What's more, with the iMac Pro having been discontinued, this is now the fastest, most powerful iMac in town. Let's see what the new super-slim M1 powered 2021 model brings, though – the M1 processor has already proved blazingly fast in the Mac Mini M1.
• See other iMacs for photo editing
If you like the idea of a stylish and powerful all-in-one PC, but you don’t want to use an Apple product like the iMac, then the Microsoft Surface Studio 2 is a brilliant choice. It’s stylishly designed and comes with some excellent components that make it a great bit of hardware for photographers. Its screen is touch-capable, which gives you more options for interacting with it, and thanks to the special hinge that connects it to the base, the screen can pivot down almost flat so it can be used like a drawing board. However, the Surface Studio 2 is expensive. Very expensive.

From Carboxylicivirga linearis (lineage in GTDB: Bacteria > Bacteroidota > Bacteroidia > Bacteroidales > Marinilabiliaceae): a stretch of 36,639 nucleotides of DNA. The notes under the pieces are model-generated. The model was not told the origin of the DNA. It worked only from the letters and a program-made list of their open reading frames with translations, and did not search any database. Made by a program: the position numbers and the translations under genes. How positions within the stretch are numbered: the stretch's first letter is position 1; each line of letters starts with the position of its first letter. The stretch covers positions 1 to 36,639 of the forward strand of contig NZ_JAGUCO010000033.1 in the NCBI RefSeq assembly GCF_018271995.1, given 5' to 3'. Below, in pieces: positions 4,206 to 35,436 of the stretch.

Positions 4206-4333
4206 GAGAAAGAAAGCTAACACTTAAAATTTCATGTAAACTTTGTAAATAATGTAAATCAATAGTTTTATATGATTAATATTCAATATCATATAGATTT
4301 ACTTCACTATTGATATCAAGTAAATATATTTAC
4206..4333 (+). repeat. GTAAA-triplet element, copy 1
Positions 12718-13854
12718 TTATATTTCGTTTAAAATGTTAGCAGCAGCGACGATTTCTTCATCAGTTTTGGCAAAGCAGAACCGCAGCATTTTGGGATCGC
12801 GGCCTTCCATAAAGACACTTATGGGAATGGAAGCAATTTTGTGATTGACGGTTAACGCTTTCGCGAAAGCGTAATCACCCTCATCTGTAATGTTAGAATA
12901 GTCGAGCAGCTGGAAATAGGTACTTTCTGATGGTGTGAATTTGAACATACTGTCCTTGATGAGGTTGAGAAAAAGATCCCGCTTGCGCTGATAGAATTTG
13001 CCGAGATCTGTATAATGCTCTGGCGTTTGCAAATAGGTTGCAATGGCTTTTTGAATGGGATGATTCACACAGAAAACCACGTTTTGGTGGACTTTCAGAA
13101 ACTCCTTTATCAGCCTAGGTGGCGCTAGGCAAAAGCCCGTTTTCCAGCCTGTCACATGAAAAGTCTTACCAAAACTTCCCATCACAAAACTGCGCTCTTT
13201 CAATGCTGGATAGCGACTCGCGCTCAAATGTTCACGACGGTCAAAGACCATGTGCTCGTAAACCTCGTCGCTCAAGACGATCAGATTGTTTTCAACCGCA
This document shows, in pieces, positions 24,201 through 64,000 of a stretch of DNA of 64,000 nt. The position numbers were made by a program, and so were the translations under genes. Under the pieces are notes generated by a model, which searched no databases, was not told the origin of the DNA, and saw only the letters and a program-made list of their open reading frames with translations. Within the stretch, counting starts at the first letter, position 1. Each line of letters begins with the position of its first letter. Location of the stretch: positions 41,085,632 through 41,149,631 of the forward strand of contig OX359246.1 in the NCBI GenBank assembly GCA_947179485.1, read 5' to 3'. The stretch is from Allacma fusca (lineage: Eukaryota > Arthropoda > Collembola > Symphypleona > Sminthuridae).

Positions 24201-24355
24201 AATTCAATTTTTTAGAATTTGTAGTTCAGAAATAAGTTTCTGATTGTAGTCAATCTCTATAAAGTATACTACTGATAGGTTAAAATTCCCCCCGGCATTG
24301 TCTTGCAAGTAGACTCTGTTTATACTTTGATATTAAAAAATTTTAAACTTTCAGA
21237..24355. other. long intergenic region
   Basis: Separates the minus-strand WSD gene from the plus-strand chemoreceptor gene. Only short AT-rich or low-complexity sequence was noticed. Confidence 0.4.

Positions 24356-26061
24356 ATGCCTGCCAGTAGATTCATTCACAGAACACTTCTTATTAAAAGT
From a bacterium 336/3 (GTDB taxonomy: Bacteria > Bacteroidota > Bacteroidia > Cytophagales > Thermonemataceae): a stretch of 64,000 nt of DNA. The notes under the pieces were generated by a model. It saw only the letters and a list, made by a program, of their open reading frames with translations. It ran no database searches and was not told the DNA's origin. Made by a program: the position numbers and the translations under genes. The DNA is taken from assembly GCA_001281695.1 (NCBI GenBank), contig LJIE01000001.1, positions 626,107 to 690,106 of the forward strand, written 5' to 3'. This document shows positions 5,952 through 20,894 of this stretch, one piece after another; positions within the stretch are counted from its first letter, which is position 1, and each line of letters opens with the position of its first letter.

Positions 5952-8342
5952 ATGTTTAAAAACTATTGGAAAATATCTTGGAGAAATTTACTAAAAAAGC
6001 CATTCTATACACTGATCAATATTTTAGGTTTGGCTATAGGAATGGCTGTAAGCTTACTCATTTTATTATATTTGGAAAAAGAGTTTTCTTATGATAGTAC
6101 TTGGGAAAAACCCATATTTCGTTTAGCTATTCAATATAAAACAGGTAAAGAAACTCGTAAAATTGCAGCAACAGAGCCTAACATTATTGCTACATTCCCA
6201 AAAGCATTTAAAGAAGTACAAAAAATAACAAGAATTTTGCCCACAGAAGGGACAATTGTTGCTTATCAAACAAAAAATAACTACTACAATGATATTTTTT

Next on our list of the best computers for photographers is the Intel Hades Canyon NUC. Intel’s NUC devices are small yet powerful PCs that pack enough power to edit photos on, while also being tiny enough to hide away and not take up too much space on a desk. Part of their appeal is that they are barebones machines, which means you need to add RAM and a hard drive yourself. This makes them flexible (you can add the amount of storage space and memory you need) and affordable (you can shop around for the best prices for those components). You’ll need to install Windows 10 separately, and while installing the RAM and hard drive is pretty straightforward, it might be a bit too fiddly for some people.
Lenovo's IdeaCentre AIO (all-in-one) range pf PCs prove you don't have to buy an Apple iMac if you want a stylish and powerful all-in-one desktop computer for photo editing. While it doesn't come with the most cutting-edge components, it still offers more than enough power for running Adobe Photoshop and other photo editing applications. It's a particularly good PC for photo editing thanks to its screen (several sizes are available - our size/price preference is the 24in version), which though 'only' 1080p resolution, uses IPS display tech for excellent contrast accuracy and viewing angles. Best of all, it's way more affordable than Apple's pricey iMac machines.